Indonesia World Population Day Event Links Data to Family Planning Policy Making

24 Aug 2010

World Population Day 2010 focused on the importance of data – including the 2010 population and housing census – for development and policy making. “With quality data we can better track and make greater progress to achieve the Millennium Development Goals, and promote and protect the dignity and human rights of all people,” explained Thoraya Ahmed Obaid, Executive Director of UNFPA.

Group discussion at the WPD event.

Group discussion at the WPD event.

K4Health, BKKBN and UNFPA sponsored a World Population Day (WPD) kick-off event on July 28th. Attended by representatives from the Ministry of Health and Parliament, local and international NGOs, journalists, and the private sector, the event was a forum for discussion about knowledge management needs, early reproductive health and family planning education, community empowerment, and the development of relevant materials and advocacy tools.

According to recent census data, the total population of Indonesia is approximately 235 million. With an annual growth rate of 1.3%, Indonesia is the fourth most populated country in the world. If Indonesia can curb this growth, it could be on track to the meet the 2015 Millennium Development Goals (MDGs). The country’s contraceptive prevalence rate has increased (from 50% in 1991 to 61% in 2007) as the unmet need for family planning products and services has declined. But while there have been improvements, decentralization of the government and a lack of local government commitment to family planning have significantly impacted population and family planning programs in the region.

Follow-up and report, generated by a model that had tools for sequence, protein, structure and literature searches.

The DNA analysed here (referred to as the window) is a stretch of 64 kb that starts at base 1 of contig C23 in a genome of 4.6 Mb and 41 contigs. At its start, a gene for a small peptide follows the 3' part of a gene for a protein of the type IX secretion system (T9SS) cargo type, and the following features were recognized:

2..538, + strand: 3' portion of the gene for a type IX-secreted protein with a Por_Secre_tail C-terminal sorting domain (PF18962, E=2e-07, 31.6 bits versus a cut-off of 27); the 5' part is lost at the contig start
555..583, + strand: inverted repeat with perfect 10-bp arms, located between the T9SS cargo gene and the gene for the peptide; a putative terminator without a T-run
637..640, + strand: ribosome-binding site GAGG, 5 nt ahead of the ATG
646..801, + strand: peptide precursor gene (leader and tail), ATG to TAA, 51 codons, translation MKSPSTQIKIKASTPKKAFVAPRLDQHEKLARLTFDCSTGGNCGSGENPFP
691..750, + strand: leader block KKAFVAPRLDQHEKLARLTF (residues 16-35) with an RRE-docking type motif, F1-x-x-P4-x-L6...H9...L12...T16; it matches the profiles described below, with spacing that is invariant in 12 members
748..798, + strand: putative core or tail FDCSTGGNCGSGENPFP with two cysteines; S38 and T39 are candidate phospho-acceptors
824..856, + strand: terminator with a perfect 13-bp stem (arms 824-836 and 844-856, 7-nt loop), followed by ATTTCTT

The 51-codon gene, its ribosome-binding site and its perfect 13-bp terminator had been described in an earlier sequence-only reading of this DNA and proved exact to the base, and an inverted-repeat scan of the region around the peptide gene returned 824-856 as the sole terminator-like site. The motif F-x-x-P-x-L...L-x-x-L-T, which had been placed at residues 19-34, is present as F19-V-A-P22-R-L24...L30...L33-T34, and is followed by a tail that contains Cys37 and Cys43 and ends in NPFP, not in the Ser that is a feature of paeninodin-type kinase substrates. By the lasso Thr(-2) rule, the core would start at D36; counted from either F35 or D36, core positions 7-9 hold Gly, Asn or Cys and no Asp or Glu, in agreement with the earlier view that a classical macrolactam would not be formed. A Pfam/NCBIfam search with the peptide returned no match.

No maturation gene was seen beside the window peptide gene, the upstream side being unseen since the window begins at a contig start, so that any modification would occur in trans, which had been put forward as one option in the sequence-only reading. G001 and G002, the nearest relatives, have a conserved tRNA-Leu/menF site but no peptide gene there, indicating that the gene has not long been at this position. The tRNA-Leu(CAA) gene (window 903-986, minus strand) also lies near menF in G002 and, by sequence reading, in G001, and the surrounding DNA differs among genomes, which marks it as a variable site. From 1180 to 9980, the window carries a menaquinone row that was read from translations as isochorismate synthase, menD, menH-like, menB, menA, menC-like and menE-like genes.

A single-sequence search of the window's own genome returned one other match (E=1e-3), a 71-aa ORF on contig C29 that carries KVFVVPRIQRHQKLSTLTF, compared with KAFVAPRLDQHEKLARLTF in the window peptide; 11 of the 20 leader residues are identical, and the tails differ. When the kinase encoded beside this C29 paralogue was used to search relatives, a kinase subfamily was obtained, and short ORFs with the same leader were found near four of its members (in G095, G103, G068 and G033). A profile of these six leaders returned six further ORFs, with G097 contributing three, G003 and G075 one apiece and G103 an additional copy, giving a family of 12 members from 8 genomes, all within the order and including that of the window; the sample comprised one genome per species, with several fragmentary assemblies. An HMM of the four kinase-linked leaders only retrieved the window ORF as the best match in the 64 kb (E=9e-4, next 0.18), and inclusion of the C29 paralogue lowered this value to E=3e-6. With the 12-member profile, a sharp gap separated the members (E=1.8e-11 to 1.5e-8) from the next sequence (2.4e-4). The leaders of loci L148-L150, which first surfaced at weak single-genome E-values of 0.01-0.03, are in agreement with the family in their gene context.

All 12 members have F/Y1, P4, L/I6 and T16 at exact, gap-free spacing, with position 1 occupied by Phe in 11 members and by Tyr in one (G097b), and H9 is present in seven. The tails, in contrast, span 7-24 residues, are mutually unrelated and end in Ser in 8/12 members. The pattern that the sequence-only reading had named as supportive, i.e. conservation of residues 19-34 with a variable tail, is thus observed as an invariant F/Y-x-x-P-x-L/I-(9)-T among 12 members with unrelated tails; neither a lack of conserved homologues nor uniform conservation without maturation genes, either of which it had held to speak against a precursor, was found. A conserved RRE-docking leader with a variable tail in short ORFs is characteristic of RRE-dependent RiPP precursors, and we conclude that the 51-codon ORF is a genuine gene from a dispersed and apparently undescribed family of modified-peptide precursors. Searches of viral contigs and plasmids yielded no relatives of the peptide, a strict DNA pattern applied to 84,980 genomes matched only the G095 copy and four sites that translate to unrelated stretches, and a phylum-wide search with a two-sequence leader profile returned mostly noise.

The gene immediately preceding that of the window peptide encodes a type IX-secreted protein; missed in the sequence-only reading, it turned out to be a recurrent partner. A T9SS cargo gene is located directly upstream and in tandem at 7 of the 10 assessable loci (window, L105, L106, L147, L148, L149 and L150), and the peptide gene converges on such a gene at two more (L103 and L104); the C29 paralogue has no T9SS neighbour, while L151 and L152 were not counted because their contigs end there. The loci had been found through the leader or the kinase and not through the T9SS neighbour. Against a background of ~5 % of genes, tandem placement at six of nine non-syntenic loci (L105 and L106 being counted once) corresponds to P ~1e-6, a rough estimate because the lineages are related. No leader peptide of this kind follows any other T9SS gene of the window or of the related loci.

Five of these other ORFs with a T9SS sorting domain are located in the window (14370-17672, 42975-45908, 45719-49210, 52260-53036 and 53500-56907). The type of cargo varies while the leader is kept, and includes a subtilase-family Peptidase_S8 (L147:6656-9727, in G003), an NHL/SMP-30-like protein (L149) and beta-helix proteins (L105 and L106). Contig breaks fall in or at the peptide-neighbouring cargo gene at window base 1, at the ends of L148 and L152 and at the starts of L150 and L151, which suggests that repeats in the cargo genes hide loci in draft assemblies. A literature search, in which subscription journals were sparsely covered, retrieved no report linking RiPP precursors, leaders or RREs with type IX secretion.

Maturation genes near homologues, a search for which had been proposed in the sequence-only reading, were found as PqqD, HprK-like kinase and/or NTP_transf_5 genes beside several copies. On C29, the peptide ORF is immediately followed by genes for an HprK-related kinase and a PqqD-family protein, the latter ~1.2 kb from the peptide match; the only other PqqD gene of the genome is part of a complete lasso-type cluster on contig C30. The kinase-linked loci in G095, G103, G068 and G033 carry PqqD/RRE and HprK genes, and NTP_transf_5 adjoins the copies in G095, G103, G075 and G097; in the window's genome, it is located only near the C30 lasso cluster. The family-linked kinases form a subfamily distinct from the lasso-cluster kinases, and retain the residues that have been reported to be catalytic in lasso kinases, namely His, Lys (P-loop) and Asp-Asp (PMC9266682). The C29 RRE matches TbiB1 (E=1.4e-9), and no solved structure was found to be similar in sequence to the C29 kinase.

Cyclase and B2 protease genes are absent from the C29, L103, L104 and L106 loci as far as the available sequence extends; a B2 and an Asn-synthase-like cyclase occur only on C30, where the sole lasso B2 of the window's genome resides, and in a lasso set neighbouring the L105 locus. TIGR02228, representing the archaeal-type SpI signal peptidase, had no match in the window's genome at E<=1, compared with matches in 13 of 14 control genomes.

One highlight of the WPD event in Indonesia – a discussion about recent social network mapping activities – demonstrated how data can be used to influence family planning policy making. Net mapping activities, using the Net-Map Toolbox methodology, were carried out in Pontianak and Bandung districts and highlighted communication patterns and bottlenecks in the FP budget planning mechanism.

These activities resulted in several recommendations: simplification of the bottom-up district planning process, refinement of the link between reporting and budget planning processes, development of an integrated planning process, and strengthening of advocacy and data analysis skills of family planning officials at the district level. These recommendations will now become part of a six-month K4Health strategy to create an Indonesian E-toolkit focusing on: media advocacy, integration of FP within the larger context of population, health, and environment (PHE), and knowledge management approaches.

Learn more about the Net-Map Toolbox methodology here.

Learn more about CCP’s work on family planning in Indonesia here.

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